Geek, uncensored


January 21, 2016

Falling Back in Love with Video Games


New Year’s resolutions rarely come in the form of “I’m going to play video games again”, but mine did. Not to say I had completely stop playing them. I tinkered around on Destiny and Dragon Age for a little bit, but the excitement of playing them no longer gave me pleasure like it usually would.

This made me realize something: I hated video games.


A lifetime of being addicted to the virtual worlds, the characters, and the stories all boiled down to an almost nauseating feeling when I thought about picking up a controller and forcing myself to pretend like I was enjoying it. How does that happen?

I refused to believe that gaming was a phase for me. I spent 7 years on Runescape becoming one of the best damn runecrafters you could find. I could make it through this hump. Still, finding out why I couldn’t bring myself to click on a Steam game was something that I needed to figure out.

I think things started to go downhill when I tried to bring work into my life of pleasure. It was cool getting a new game every day. It was fun being one of the first people to try out what could be the next big hit. Press releases and conversations with devs flooded my inbox and I thought life was good.

Then, the games became too much to handle. The people became too mean. The pressure of not wanting to break someone’s dream overwhelmed me. I could no longer just enjoy playing a game because I would be searching for content to write about or make a video with. This is when the subconscious loathing set in.

I dreaded turning on my PlayStation. I would stare at the never ending list of games in my Steam account. estimated that it would take me 3,028 continuous hours to finish every game in my library (in which time I could watch the entire Futurama series 58 times). I didn’t even have games on my phone. I had cut them out completely.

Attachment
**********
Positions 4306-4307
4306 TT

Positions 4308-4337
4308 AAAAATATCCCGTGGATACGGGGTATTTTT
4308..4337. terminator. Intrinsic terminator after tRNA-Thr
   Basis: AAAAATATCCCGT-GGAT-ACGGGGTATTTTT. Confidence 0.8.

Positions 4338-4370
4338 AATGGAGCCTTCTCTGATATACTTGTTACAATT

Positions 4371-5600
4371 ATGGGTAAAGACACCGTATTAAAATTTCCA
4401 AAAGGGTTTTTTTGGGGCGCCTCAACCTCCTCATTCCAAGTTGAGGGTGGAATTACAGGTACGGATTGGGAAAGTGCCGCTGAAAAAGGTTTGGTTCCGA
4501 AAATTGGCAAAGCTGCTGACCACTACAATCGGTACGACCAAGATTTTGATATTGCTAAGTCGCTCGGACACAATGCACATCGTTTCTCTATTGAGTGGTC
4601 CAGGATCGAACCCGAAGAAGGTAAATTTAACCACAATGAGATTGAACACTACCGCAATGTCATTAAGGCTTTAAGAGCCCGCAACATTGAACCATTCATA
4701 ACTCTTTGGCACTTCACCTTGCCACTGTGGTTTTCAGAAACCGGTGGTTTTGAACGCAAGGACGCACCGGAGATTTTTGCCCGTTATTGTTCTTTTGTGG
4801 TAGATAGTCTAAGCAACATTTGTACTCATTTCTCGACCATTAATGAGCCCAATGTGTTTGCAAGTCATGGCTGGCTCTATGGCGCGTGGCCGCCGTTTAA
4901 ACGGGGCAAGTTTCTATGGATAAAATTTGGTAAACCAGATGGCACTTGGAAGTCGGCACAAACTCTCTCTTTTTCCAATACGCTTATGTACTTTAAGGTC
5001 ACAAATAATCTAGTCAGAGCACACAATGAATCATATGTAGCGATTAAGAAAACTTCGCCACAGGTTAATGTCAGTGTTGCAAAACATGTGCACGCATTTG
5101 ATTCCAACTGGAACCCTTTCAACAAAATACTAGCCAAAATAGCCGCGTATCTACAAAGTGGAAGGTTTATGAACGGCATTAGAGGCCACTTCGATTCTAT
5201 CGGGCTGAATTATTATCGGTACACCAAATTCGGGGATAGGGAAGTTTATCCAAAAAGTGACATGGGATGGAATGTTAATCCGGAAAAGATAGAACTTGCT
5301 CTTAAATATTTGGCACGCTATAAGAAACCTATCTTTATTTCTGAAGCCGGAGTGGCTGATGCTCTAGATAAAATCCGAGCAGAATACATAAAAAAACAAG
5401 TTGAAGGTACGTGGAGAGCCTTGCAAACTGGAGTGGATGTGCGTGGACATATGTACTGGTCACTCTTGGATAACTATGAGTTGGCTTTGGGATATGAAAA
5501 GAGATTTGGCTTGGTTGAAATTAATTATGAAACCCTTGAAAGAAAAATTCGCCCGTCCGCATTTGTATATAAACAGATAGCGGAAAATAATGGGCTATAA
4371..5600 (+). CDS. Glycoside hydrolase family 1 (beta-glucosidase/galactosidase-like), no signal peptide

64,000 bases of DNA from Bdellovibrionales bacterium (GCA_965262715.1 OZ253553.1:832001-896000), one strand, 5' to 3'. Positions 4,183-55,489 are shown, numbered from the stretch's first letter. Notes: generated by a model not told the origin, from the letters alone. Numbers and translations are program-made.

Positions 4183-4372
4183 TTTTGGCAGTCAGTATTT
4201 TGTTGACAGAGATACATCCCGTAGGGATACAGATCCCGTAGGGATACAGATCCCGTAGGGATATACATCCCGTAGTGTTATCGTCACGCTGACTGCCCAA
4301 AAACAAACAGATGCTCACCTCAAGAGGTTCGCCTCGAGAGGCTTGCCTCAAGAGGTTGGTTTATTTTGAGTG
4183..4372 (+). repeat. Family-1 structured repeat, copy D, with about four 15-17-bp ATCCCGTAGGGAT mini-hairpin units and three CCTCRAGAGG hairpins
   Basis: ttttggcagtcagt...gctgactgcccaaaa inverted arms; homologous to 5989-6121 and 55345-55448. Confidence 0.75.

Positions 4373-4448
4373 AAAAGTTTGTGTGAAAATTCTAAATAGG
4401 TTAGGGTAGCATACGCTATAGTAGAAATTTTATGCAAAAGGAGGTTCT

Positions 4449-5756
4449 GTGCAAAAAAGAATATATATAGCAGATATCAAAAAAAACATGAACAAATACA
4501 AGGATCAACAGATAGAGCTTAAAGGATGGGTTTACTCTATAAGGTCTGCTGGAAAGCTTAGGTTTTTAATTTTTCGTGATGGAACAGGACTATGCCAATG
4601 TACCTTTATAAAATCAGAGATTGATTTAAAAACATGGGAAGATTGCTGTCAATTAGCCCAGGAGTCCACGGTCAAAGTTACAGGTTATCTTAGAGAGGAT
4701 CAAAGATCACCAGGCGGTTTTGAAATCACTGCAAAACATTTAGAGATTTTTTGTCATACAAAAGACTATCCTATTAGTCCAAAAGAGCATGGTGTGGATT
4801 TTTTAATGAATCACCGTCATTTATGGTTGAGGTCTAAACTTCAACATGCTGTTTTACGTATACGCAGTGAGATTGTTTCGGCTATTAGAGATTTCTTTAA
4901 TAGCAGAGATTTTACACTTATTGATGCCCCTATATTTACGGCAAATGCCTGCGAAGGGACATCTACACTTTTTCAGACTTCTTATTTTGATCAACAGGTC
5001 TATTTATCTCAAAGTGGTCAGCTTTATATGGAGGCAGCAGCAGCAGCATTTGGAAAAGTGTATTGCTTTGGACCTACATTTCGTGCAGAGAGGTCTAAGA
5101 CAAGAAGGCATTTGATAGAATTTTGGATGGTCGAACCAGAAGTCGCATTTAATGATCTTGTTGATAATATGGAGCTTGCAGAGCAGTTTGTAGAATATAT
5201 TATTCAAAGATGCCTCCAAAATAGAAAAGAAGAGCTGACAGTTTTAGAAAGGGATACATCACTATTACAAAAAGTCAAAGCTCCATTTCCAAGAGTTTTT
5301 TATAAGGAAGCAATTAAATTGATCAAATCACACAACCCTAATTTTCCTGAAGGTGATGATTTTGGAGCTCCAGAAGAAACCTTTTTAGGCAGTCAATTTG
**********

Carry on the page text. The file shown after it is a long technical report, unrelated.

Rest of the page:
What caused this drastic change in my life? I guess you could attribute some of it to the fact that a new game comes out every 3 minutes. Usually, a game that is a minor tweak from something that came out 3 minutes prior. This wasn’t just indie games, even the triple A titles couldn’t keep my attention because I felt like I played them the last time I tried to trudge through a previous title (Ubisoft, I’m talking to you).

Not to mention the fact my inbox was full of barely playable prototypes I was compelled to at least start so I wouldn’t hurt anyone’s feelings. There’s only so many times I can clip through a wall or get stuck on a pebble before I start pulling my hair out.

The community didn’t help either. As a female who games and works with games, there’s a certain amount of crap that you just deal with. It’s not only the gaming community, it’s life in general. Life I can accept. When it’s brought into my passion and one true love, it became heartbreaking. God forbid you don’t do a walkthrough like somebody wants and you turn into “just another dumb bitch on the internet”.

How do you deal with ignorance of the interwebs? You can’t confront them. “Hey crazy 13-year-old on YouTube, thanks for the compliment but I won’t show you my butthole. ” I decided to ignore it and hoped it would stop.